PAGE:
Usually, I like what Dan Savage has to say. I’m an avid reader of “Savage Love”, I like the mix of his off-beat humor and no-nonsense, frank discussion about sex and it’s many, uh… complexities.
And I absolutely applaud his efforts with the It Gets Better Project.
However, this past week, he made an error that, to many, has negated his efforts to end bullying… the core of why he started the It Gets Better Project in the first place.
Dan made an appearance as the keynote speaker at the NSPA/ JEA’s annual High School Journalism convention, Journalism on the Edge. The main topic was about bullying, but, as he has been known to do, Dan veered off on other sub-topics and one of them was the Bible.
Honestly, here is where I have to question whether or not the organizers of this event actually knew anything at all about Dan Savage and what he does/has done. If they had done a proper amount of research into not only the It Gets Better Project, but Dan, himself, and his core beliefs they might have been wiser not to have had him as a speaker for High School students. Or, at the very least, could have given fair warning to those in attendance that some of what he said may be deemed offensive by this group or that group and given said groups the opportunity of opting out of attending in exchange for some other activity to get their grades. Some have said attendance was voluntary… but I don’t remember attendance to anything in High School being voluntary. It was “you attend, or take an incomplete and fail”.
At any rate, Dan began to speak about the Bible and, as he did, a group of Christian students in attendance began to leave. Here’s a short video from that part of his presentation, and what has been garnering all the criticism.
To be completely fair, Dan didn’t call anyone “Pansy-asses”. He described their reaction to what he was saying as “pansy-assed”.
Ah… isn’t semantics a wonderful thing?
However, we’ll just go ahead under the allegations of name-calling and not get nit-picky.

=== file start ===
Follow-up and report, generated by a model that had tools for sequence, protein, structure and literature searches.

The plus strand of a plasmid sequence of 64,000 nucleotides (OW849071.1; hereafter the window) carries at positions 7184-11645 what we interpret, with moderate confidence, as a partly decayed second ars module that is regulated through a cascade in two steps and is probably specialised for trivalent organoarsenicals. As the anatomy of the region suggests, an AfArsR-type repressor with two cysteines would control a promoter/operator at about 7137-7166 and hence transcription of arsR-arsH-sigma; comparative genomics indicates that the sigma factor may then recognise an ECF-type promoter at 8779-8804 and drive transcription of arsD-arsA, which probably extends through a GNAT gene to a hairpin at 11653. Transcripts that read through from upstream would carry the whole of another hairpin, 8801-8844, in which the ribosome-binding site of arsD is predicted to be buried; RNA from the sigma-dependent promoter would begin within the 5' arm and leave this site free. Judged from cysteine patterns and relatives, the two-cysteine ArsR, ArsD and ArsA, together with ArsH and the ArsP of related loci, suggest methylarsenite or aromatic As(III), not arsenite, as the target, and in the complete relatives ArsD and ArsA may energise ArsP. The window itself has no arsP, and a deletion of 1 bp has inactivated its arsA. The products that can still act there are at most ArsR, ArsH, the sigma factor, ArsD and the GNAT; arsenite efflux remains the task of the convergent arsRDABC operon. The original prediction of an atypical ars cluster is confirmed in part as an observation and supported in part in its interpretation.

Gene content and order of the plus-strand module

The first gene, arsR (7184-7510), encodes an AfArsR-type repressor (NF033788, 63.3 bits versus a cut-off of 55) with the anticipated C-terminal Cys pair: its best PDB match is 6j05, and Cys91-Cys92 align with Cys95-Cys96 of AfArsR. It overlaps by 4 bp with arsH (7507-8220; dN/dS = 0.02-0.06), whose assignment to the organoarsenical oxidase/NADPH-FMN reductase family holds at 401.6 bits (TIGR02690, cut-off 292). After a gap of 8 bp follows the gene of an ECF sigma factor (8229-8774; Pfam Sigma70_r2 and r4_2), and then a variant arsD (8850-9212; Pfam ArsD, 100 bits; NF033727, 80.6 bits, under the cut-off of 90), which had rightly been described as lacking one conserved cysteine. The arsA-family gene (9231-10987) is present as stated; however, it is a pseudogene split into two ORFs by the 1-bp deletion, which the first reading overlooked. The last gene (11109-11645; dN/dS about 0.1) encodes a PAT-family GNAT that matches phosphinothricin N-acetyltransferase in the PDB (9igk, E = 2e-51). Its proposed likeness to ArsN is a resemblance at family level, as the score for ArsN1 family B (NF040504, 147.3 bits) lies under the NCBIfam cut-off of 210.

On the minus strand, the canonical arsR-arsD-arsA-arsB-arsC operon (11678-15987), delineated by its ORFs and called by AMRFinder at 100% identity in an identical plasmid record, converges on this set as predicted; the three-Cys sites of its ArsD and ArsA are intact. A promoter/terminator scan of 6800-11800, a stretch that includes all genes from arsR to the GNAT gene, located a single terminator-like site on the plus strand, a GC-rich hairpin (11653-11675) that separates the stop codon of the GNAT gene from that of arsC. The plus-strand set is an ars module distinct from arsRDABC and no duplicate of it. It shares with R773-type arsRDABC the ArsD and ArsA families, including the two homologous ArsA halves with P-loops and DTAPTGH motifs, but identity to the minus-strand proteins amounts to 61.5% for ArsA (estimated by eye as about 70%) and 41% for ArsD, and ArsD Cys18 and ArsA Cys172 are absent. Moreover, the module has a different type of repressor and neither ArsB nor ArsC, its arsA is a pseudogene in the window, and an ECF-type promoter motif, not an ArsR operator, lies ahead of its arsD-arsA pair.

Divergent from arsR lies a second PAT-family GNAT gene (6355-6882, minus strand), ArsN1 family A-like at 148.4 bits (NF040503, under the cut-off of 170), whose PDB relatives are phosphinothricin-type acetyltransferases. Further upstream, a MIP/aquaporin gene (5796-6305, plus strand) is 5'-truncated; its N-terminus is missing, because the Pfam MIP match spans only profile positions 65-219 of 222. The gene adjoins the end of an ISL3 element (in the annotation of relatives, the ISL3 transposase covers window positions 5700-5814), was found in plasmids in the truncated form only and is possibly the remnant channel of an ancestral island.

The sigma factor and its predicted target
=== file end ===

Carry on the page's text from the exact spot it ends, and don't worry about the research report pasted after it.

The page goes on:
The thing is, he had some great points in what he said about the Bible, and then he pissed them all away carelessly.
Is what Dan Savage did any different from what certain Christians/Christian groups do on a daily and repeated basis? No. And that’s why he gets criticism from me on this while others might say that turnabout is fair play.
Do I think this was anything more than a momentary lapse and careless slip of the tongue that we all sometimes have? No. Do I think it really merited this kind of controversy? Again, no. But it doesn’t surprise me either, because those with the weakest arguments will point at any and every little thing that will divert attention from that fact.
Bottom-line: Dan Savage negated his entire argument against bullying with one careless sentence. With that one sentence he went from being the bullied to being the bully and, in a world where too much of that is going on and children are dying at an alarming rate by their own hands because of it, it is utterly unacceptable! You cannot convince the world bullies are wrong by stooping to bully tactics. You have to be better than that. You either ignore what offends you, or you respond to it in a respectful way. But you don’t throw around thoughtless comparisons to belittle the group that has offended you. That behavior makes you no better than them.
Dan, you have to be better than them, man. You have to respond as a clear-thinking, open-minded, respectful adult in the face of their murky-logic, close-minded, immature disrespect of you and others in the LGBTQ community. You must be better if you want your message heard and believed.
We all, who know better, need to be a voice of sanity in the insane chaos that is the rhetoric of hate.